Bees, Snakes and Smelly Pine Martins

There is nothing that can prepare you for the horrors of bees, snakes, lizards, dead birds and pine martins falling on you in the middle of the night. Especially when they smell like a battlefield trench.

Bedroom Ceiling

For some unknown reason, the previous owner had decided to pine clad the ceiling of one of the bedrooms. The window in the loft had been leaking, along with the gutter leaving it to sag down in places.

The moment a crow bar was inserted into the ceiling, the silence in the room was broken. HUM!!!!

Out of the crack emerged hundreds of bees and soon the whole top floor of the house was buzzing!

I was stung on both hands and on the belly. Luckily, as stings go they were pretty pathetic with no swelling or even itching afterwards. So, I ventured straight back in and pulled down the whole ceiling as quickly as I could.

However, I didn’t expect to get almost knocked out by almost 250kg of Pine Martin nest just a few feet from the bee colony. There’s 5 wheelbarrow loads of nest in the photo below.

In the Pine Martin nest was everything from walnut shells, corn husks, hay, snake skins, lizard skeletons, bird skeletons, wasp nests, acorns, magazines shreds, bottle tops, nails – basically all sorts.

The smell was absolutely incredible. If you’ve ever smelt a rotting dead badger, or a 1970’s Council toilet, you’re getting the idea. France was in a Class Orange Heatwave, which helped ferment the stall urine smell even more than normal. It was so hard to breath, even with a face mask, I forgot completely about being smothered by huge & feisty bees.

Being Sunday, we asked a lovely lady selling honey on the local market about moving the hive and she told us it wasn’t a good time to move it, being summer, but it was definitely still possible. We needed to find a proper Bee keeper to move it. – So we did.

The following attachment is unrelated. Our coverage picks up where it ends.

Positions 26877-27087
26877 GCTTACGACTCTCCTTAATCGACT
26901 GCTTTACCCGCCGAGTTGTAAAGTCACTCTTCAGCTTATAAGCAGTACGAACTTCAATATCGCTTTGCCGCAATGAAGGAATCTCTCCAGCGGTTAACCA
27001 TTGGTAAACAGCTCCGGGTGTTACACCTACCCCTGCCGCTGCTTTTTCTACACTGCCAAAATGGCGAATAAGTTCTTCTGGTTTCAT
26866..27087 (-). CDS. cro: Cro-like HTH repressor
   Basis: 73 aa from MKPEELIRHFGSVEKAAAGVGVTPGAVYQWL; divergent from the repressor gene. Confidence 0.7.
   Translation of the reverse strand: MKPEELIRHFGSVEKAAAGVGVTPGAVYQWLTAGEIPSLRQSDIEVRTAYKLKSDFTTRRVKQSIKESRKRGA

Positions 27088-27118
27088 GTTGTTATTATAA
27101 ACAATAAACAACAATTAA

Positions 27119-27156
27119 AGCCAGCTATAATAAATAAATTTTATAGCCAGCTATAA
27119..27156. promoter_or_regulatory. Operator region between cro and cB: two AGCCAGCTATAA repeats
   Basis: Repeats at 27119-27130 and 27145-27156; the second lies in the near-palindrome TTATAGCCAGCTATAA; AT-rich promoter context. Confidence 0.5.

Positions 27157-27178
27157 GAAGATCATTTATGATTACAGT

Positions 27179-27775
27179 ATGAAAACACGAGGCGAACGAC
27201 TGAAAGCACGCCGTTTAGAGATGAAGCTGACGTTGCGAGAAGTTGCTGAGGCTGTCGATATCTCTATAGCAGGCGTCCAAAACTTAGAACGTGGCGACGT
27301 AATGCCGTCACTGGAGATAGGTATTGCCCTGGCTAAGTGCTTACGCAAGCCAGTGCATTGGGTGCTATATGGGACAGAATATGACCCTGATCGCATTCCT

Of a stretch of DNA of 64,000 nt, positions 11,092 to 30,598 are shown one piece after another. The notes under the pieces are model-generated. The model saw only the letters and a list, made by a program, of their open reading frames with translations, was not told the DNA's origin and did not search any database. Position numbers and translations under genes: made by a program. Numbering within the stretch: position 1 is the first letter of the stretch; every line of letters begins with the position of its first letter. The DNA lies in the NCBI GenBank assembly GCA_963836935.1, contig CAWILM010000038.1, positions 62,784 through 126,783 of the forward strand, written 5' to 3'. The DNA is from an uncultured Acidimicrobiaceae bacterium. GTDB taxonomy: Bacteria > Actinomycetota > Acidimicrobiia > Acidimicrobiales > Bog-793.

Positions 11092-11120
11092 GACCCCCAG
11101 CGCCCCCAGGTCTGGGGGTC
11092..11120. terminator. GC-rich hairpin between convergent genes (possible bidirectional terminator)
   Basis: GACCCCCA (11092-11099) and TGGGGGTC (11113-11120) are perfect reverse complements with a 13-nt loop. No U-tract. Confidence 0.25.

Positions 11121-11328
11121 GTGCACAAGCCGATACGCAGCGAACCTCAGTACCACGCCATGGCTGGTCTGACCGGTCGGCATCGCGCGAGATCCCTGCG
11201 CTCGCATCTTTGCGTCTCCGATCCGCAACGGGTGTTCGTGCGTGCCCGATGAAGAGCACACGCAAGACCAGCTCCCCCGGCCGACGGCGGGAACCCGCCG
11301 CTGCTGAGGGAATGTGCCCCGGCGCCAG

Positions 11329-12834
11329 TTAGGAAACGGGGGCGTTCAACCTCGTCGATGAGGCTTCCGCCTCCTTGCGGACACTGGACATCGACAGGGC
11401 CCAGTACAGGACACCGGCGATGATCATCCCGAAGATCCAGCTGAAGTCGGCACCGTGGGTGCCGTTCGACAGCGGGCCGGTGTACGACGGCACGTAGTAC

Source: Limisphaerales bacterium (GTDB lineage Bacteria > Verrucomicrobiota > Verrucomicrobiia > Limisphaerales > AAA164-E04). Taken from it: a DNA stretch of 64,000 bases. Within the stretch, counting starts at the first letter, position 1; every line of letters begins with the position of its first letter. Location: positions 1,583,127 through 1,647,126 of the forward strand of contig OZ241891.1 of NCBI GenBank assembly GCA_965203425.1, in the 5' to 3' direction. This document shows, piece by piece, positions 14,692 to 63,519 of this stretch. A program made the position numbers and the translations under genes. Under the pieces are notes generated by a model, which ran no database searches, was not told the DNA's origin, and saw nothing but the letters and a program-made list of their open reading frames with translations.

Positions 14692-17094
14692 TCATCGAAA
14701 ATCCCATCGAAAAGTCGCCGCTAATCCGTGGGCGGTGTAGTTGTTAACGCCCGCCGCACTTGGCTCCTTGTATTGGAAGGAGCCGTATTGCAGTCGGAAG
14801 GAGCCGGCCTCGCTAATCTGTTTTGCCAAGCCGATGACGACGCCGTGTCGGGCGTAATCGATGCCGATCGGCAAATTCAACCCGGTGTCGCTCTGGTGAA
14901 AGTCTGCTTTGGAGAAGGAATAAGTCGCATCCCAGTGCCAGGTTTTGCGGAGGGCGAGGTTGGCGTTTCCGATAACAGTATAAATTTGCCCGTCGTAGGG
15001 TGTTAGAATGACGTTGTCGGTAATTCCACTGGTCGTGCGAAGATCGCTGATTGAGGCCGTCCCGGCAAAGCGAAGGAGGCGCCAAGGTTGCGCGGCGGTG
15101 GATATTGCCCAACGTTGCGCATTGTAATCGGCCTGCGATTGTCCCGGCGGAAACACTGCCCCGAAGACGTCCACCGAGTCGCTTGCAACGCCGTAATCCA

A day later our hero Arnaud, a local Bee keeper came in his van, all dressed in the proper kit and very efficiently removed virtually all the bees in the room.
I bravely filmed in the doorway, passing tools and bags when necessary, whilst Mandy ‘observed’ from the far end of the Lake.

The problem we had was there were still bees inside a hole in the wall and there were still bees flying around the garden. Therefore, come night time those bees would come back inside looking for Queen Bee. If the Queen’s nest was in the wall cavity and not in all the honeycomb that Arnaud took away, then we had a problem.

Over the next few days those remaining bees might try to re-establish a new colony or they might disappear of their own accord. Some of course would unfortunately die.

We made nearly 3 jars of honey with a couple pieces of honeycomb that Arnaud left behind. Unfortunately we don’t have a spinner or even a filter so we just left it to drip into a jar.

A day after Arnaud’s departure, we weren’t that sure he’d got the Queen. The remaining bees seemed rather agitated. They’d split into several groups and collected on the skirting, ceiling and behind the radiator. As soon as you went into the room the noise level rose significantly and they swarmed.

Luckily, 48 hours after the colony had been removed the signs were slightly more promising. Firstly there were fewer bees, secondly they were less feisty and were gathered in one spot.

As the days passed they spent more time outside, than in. It seemed that Arnaud had indeed taken the Queen. We were in luck!

On day 6 we’d been out on an extended lunch and walk to find a small swarm of bees above a cherry tree in the garden. Inside the house was totally silent without a bee to be seen! – What should we do?

We panicked and closed the window. We went into the small hardware shop in the village to buy a tiny can of expanding foam. There wouldn’t be anywhere near enough foam to fill the hole but that wouldn’t be our goal, we simply wanted to temporarily block off the hole.

With the hole sealed the bees around the cherry tree returned to the hole in the wall for around 10 minutes. We stood watching from down below. Then in the space of about 30 seconds, they flew back to the cherry tree, then carried on flying, never to return. – We hope they found somewhere nice!